As Swiss people pore over their Saturday papers, Cairo is busy cleaning up after 18 days of protests that finally led President Hosni Mubarak to step down.
While the tone of the Swiss media has generally been encouraging and optimistic, a fair amount of criticism and concern underlies much of the latest commentary.
“The revolution has only just begun,” read the top headline on the Saturday edition of the Bern-based Der Bund newspaper.
Inside, an editorial called for an end to the hypocrisy that has characterised the nation for so long.
“What happened on Tahrir square looked more like a happening. What is missing are the leaders and the ideas necessary for the constructive shaping of the future,” stated Der Bund, citing problems such as poverty and unemployment.
As those problems indicate, solid national leadership has not been Egypt’s strong suit in recent decades. The Geneva-based Le Temps newspaper had harsh words for the former president.
“Mubarak missed his last opportunity to leave with some semblance of dignity. The day before, in a speech that had an unbearably paternalistic tone, he proved that he was beyond help for Egypt. The lie didn't work anymore,” wrote Le Temps.
It pointed out that, on the other hand, the people on Tahrir square had showed a great deal of dignity. It stated that thanks to a great amount of sacrifice, they had obtained the right to be heard.
For Le Temps, "the region, in which Egypt has a central place, continues to be a ‘powder keg’. The resoluteness of protesters showed the scale of frustration, bitterness, imbalance and despoliation that accumulated in this country and in the majority of the Arab world".
While the latest news from Egypt is the top story, many people are speculating about how it will affect other nations in the Middle East. According to La Liberté, Tunisia was the catalyst.
“There's no doubt anymore: the Tunisian earthquake transformed into an Egyptian tsunami." For the editorialist, "the changes in the Arab World are so big that they are reminiscent of the fall of the (Berlin) Wall”, wrote the Fribourg-based newspaper.
“Who's next?” asked the paper, casting an eye toward the big demonstration planned in Algeria on Saturday.
For La Liberté, this possible "domino effect" is more feared than desired in the region. Places with autocratic regimes or monarchies in place, and also Israel, will quickly have to revise their strategies of a "cold peace" with some of their neighbours.
The US has a lot to lose as well, since the Egyptian crisis showed a weakening of its influence on the region’s events.
As La Liberté put it, this brutal change is like a leap into the unknown. The jubilation in Cairo leaves the door open to all sorts of transition scenarios, both optimistic and not.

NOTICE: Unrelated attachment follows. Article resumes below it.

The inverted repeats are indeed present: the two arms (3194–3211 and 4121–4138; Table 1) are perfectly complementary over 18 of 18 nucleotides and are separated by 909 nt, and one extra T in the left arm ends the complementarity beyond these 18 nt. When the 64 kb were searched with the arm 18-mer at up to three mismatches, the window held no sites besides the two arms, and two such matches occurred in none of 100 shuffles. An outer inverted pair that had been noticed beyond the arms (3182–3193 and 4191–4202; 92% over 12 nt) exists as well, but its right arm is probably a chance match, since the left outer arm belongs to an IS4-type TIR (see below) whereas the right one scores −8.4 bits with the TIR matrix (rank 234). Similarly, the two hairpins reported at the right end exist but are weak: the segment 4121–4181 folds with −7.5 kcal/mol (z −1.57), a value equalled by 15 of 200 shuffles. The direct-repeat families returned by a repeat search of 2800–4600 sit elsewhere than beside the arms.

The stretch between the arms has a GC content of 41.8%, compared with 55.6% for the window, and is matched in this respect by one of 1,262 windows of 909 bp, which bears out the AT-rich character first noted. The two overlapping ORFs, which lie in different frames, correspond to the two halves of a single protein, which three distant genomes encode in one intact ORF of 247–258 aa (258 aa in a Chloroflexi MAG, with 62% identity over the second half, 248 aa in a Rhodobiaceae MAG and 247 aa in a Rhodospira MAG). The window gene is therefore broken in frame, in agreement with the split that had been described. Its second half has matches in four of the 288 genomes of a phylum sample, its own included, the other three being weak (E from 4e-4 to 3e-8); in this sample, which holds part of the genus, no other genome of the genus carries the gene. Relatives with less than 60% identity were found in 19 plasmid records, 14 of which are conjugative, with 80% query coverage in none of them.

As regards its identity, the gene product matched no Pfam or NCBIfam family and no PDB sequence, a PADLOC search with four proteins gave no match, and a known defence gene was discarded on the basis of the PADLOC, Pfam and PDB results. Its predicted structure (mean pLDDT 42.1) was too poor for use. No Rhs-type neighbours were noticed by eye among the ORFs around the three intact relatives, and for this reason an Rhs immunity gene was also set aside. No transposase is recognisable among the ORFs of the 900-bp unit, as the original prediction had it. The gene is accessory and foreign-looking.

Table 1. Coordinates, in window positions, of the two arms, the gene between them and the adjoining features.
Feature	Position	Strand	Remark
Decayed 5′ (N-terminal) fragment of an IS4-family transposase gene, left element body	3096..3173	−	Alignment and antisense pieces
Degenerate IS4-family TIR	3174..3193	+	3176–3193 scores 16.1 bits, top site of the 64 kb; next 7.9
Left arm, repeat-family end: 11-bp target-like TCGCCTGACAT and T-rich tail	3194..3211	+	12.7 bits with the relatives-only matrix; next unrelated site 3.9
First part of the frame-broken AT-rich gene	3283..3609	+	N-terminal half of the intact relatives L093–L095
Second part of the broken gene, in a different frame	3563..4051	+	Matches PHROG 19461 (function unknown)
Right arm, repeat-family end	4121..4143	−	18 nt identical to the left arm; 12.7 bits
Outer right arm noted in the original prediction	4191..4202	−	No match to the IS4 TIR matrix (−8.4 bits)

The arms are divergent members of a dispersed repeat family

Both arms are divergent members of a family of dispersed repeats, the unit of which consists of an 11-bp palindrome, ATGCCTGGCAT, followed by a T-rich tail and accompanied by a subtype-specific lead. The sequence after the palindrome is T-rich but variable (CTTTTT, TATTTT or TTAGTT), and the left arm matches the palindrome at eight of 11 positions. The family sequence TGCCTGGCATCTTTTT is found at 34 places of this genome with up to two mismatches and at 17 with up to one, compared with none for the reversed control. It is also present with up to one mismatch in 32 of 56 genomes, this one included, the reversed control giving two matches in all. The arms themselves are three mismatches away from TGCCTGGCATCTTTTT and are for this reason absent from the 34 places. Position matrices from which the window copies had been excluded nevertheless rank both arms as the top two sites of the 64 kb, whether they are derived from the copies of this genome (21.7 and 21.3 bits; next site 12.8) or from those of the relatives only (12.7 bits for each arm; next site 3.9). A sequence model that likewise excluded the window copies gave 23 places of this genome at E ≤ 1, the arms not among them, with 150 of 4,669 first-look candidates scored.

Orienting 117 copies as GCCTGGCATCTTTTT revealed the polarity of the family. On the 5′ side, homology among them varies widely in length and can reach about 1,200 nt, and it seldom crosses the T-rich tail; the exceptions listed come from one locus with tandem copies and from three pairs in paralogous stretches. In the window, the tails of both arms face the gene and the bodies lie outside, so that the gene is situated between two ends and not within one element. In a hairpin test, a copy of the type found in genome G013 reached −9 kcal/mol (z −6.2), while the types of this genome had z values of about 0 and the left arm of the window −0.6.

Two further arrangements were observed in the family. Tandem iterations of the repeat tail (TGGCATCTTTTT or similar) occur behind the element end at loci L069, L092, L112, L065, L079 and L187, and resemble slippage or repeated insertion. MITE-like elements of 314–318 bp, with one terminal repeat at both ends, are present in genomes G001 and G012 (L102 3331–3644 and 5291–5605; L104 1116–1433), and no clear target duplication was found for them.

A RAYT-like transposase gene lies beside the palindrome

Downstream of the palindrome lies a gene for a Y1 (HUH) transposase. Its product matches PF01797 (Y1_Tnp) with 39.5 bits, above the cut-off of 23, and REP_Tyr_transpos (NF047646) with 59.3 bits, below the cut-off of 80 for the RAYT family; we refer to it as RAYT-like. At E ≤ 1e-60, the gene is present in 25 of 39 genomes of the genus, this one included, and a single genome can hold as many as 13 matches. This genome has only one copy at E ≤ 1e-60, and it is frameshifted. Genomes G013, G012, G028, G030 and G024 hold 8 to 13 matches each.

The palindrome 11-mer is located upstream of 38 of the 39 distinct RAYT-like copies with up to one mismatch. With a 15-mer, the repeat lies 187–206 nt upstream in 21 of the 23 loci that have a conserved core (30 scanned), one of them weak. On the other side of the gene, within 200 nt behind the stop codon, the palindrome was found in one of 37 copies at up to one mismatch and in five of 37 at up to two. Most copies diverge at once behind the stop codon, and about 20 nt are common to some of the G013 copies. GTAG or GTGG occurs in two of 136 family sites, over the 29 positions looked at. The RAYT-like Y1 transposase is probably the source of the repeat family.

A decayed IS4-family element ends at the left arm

The Neue Zürcher Zeitung (NZZ) also described the events as a lesson for other “autocrats”. It asked how well other Arab leaders could sleep now that the Egyptian people had pushed Mubarak to step down.
“It depends on what they see in terms of constants during the transition period in Cairo, plus how they view their own legitimacy,” wrote the Zurich-based paper.
It stated that the transition would be a litmus test for Egypt’s military regime, and commented that it was interesting that Vice President and General Omar Suleiman was not taking over.
The NZZ editorial voiced scepticism regarding democracy being carried out by a military regime.
Meanwhile, in Egypt on Saturday, Information Minister Anas El-Fekky was placed under house arrest, according to military sources, who declined to give a reason. Fekky was close to Mubarak.
Also on Saturday, a source at Cairo's airport said some officials had been banned from leaving the country without the permission of the state prosecutor or the armed forces.
Unrest in Egypt started on January 25, following a revolt that toppled the leader of Tunisia.
Protestors massed in Cairo, where they gathered in Tahrir Square, and in a number of other towns and cities.
About 300 people died in the protests, and numerous state buildings were torched.
Some workers have also embarked on strike action.
At the end of January President Hosni Mubarak dismissed some unpopular ministers and appointed his first ever vice-president, intelligence head Omar Suleiman. The minister of civil aviation Ahmed Shafiq became prime minister.
But Mubarak’s promises to address public anger at rising prices, unemployment and the huge gap between rich and poor failed to halt broader calls for an end to the Mubarak regime.
The United States and other Western countries have called for an orderly transition to a more democratic system.
Mubarak came to power 30 years ago after the assassination of President Anwar Sadat.
After 18 days of civilian protests in Tahrir square, Mubarak resigned on February 11, 2011.end of infobox